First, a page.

There’s a reason . . .

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June 15, 2016

By Stephanie Haworth

Someone once said, “Life is a journey, not a destination.”

This quote doesn’t just apply to life. The same is true for your brand. Customers often go on a multi-screen journey with your brand as they move from device to device.

You probably do it too.

Have you ever used your iPhone to fill up your online shopping cart, but then finished the transaction on your laptop? Maybe you’ve started watching an amazing new show on your living room TV, and then picked it back up the next day on your Netflix mobile app.

Welcome to the new norm.

Nowadays, everyone has multiple devices within reach. Take a look around right now; you might see a computer and a smartphone. What about a tablet or . . .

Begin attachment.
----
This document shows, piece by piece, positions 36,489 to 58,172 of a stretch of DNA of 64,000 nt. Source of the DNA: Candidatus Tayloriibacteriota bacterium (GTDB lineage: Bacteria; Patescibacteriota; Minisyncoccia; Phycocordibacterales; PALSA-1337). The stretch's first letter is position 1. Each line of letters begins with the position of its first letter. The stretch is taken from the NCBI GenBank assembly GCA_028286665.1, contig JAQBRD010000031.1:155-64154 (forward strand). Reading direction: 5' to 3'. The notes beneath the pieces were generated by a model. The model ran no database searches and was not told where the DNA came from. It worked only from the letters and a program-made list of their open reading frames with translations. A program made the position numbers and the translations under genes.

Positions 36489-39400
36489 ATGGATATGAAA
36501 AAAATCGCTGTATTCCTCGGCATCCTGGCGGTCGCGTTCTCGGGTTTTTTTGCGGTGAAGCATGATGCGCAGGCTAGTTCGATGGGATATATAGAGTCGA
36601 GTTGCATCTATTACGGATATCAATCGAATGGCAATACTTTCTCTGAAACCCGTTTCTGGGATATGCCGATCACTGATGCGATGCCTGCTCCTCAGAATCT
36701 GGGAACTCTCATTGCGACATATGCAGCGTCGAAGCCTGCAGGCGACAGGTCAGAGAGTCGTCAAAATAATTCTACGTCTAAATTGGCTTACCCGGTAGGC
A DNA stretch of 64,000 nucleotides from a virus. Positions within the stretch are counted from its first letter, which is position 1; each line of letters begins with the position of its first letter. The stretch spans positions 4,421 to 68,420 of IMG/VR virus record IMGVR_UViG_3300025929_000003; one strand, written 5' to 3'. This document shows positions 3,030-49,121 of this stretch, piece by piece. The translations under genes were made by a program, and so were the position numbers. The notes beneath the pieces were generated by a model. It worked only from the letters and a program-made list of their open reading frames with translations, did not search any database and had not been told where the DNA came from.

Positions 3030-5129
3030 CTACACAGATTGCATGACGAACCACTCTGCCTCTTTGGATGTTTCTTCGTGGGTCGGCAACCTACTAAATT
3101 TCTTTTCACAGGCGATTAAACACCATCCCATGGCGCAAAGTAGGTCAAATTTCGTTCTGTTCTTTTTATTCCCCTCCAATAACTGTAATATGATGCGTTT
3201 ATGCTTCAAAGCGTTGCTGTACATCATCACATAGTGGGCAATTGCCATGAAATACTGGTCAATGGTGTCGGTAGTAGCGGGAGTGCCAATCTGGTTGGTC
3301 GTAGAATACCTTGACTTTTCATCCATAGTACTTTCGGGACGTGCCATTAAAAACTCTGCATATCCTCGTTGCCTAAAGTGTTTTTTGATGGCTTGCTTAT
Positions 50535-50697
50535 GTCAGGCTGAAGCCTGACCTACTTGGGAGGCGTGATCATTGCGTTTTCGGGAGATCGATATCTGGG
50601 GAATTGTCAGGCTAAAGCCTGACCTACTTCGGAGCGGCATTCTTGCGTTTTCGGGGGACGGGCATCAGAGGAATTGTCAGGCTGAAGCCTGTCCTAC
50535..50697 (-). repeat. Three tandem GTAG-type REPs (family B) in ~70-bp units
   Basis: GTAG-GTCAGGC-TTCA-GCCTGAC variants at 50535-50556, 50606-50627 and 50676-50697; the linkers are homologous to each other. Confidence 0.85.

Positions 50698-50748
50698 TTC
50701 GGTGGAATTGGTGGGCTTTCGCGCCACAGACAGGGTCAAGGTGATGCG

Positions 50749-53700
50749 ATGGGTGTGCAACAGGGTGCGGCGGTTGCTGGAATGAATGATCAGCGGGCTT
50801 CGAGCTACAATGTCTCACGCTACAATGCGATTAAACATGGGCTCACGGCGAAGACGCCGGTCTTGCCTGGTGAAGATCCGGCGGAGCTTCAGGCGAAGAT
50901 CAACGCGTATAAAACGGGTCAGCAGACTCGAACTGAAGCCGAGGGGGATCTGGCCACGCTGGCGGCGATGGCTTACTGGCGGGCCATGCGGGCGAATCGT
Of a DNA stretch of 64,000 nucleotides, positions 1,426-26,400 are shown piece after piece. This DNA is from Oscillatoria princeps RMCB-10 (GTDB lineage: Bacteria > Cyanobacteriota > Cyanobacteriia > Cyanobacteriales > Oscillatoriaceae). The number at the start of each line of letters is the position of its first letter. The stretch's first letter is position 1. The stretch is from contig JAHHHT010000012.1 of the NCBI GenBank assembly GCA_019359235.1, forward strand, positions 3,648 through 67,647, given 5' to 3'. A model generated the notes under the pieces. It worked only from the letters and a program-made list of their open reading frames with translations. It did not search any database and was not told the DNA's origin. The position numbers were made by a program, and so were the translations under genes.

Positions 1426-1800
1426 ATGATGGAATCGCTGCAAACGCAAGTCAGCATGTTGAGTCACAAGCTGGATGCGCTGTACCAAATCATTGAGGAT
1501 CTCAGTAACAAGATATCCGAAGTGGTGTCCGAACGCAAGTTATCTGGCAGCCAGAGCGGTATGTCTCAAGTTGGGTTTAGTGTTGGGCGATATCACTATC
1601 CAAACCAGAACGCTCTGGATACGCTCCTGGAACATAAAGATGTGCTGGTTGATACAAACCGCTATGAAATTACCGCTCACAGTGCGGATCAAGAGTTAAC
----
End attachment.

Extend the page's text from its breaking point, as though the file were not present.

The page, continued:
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May 24, 2016

Batman perches on a skyscraper. Superman zips through the sky. These are the characters emblazoned in our minds when we think about heroes.

Why do heroes hold lake-view real estate in our mental landscape? Because where there’s a hero there’s a story. And the human brain is pretty much addicted to stories.

Did you know that every business is telling a story? It might be one dude cleaning windows or IBM, but whether they realize it or not, they’re telling a story.

Apple is telling a story about people who “Think Different.”
Telescrypts, a local tech startup, is telling a story about improving healthcare in developing countries “so we can all have access to healthcare.”
Resound is telling a story about how every company is . . .